Wednesday, March 21, 2007

My Hozaika

My hozaika (host lady) is a mixed bag. Some days are great, and some borderline on nightmarish with Zina Sergeevna.
She can be rather childish (we have kids' stickers (of mostly Disney characters) all over the apartment). She also cuts out pictures of puppies/kitties from magazines and glues them on the walls. Which I can't really argue with; the stickers cover the dirty 75 year old walls of our apartment nicely.
And she can be rather irritating. For a week after I got mugged, she never missed an opportunity to ask me, "И тебе не стидно?" ("And you are not ashamed of yourself?")... I am still trying to understand why I should be ashamed... But that was Zina Serveena's way of showing sympathy.
Last semester she would complain for days that I didn't go out enough... That I just sat at home. So I went out. This lead to her complaining that my coming home after 1800 interfered with her TV watching schedule.
She also is a rather envious person. She has already specifically told me what she wants me to leave her (of my possessions) when I return to the US...
I am not really surprised, as I know full-well that the woman searches my room like a hound. If I had anything that I wished to hide from her, it would be impossible.
I used to keep a liter of beer on the window sill (it's cold there) in my room. Zina would complain that she was poor and couldn't ever afford beer (and act as if she didn't even notice that I had beer). If I would offer some to her, she would act shocked and appreciatively thank me as she drank my bottle. If I didn't offer it to her, she would say that I was a lousy drunkard not willing to share with her, a poor and down-trodden grandmother.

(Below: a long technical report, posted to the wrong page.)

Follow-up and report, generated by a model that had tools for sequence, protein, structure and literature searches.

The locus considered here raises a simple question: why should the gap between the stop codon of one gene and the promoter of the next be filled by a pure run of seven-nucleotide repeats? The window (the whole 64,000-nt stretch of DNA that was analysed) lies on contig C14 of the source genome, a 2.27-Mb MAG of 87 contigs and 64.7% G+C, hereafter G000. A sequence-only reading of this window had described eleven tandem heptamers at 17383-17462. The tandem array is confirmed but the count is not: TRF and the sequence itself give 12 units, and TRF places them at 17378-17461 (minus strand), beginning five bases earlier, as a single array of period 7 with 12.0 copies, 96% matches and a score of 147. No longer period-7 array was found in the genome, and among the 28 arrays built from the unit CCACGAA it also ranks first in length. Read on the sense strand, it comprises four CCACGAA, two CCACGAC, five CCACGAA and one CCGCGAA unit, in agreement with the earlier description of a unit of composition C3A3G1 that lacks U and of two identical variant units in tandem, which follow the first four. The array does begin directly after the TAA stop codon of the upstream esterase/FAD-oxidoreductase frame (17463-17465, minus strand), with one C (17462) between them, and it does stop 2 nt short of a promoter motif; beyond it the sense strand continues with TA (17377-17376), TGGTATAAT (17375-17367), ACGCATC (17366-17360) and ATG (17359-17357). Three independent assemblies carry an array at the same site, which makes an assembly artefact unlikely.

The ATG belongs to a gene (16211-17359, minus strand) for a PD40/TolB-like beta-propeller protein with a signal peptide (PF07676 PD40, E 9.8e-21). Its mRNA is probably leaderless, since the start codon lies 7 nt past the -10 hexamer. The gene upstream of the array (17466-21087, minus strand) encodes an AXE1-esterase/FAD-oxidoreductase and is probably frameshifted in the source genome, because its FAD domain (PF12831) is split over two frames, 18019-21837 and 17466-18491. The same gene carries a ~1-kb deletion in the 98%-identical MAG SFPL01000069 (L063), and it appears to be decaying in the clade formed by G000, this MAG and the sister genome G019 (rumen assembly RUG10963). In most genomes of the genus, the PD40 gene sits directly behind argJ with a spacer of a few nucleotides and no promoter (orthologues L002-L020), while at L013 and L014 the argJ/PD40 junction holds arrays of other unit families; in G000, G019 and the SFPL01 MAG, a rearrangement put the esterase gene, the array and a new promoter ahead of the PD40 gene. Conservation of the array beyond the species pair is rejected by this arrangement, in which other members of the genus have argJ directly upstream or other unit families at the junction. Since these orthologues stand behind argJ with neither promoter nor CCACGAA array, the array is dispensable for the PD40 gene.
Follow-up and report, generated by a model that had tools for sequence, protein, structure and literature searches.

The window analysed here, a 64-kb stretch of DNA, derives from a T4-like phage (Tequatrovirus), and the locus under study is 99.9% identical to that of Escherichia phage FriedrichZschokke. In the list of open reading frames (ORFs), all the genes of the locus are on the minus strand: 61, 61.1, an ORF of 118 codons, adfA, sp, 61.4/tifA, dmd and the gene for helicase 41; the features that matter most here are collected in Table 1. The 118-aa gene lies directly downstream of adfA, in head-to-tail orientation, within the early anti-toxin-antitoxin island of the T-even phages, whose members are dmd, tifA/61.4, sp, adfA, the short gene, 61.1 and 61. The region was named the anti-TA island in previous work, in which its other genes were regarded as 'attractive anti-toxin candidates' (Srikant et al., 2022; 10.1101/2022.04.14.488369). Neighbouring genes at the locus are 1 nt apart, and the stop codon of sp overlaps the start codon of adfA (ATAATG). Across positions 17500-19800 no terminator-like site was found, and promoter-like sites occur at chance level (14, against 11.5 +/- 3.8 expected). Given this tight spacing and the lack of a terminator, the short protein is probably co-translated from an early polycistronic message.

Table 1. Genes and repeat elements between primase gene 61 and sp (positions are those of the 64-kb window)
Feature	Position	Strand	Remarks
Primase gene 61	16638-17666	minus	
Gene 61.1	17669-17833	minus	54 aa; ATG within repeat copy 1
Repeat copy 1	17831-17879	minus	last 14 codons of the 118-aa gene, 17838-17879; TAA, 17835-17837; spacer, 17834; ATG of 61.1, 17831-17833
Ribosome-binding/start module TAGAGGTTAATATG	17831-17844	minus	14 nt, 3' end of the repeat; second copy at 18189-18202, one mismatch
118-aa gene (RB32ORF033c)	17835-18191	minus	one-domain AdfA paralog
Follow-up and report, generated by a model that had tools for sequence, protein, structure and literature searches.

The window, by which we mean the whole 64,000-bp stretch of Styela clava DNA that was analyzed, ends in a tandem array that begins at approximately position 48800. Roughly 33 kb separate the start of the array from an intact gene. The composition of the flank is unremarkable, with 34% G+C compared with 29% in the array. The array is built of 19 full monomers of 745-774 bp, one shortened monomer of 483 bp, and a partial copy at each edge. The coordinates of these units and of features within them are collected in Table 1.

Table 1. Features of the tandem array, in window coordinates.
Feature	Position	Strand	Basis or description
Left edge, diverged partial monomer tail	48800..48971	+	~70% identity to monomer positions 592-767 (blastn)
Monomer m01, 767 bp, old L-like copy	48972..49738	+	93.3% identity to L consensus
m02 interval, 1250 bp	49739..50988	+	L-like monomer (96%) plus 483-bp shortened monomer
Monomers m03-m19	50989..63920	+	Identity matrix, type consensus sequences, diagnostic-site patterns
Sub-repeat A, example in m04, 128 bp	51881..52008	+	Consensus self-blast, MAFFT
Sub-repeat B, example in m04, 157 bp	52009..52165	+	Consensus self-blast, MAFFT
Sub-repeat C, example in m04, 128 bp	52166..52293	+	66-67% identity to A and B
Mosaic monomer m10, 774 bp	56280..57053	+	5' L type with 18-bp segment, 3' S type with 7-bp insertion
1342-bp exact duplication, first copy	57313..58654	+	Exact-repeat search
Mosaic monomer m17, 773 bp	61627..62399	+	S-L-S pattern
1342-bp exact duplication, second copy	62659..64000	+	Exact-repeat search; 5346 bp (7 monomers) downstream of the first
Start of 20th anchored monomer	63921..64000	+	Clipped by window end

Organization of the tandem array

She does the same routine if I buy a newspaper and don't share it with her the same day that I buy it.
Zina also has her passive aggressive days... After we have words, I she will typically, "accidentally" give me scolding hot tea, or an omelette with lots of shells, or she loves to give me for breakfast whatever had been for dinner the night before (imagine liver at 0745).
Zina though has had a rather hard life. She was born in 1941. Her father was killed at the front against the Germans and so she never met him. Her mother remarried and had a son. The son (Zina's brother) died when he was 10 from a blood disease. Her mother then died shortly afterwards. Her stepfather died somewhere between them. So Zina was raised by her grandmother and grandfather. First grandmother died, then grandfather. But Zina got married when she was in her early 20s, and has a daughter. Though Zina has been a widow for more than two decades.
Zina also has her good days. Her favorite subject is telling me how to better lead my life. It is something that I have grown rather used to. Zina's suggestions of how to find a Russian girlfriend are rather interesting.
Whenever one of my (guy)friends comes over to our apartment, Zina assumes that drinking will take place. She doesn't ask if we are going to drink vodka. She assumes.
And usually she assumes wrongly. Though when I tell her, "Zina, I don't wish to drink vodka."
She usually retorts with, "What?! What?! I thought that you were a man! You little boy, why don't I go get some milk for you to drink! Then you can have nap time! If you were a real man, you wouldn't say 'I don't want to drink vodka', you would say, 'I only have one bottle, I better buy some more before my friend comes over!'"
Don't think that I am being over-the-top, this is how Zina communicates.
I found that laughing as she is berating me for not being enough of a man is not usually the right response. This could be because I giggle more than laugh... but for whatever the reason, the only right response is to agree... And then to invite her to drink with us.
Overall I enjoy my time with Zina Sergeevna. She is all of 5'3", and I am terrified of her. But she has made some terrific food. Including her special "passively aggressive" cutletts...
Poka!

1 comment:

Rita said...

This is a great post! I was genuinely laughing! I feel like I can quite vividly picture Zina Sergeevna :)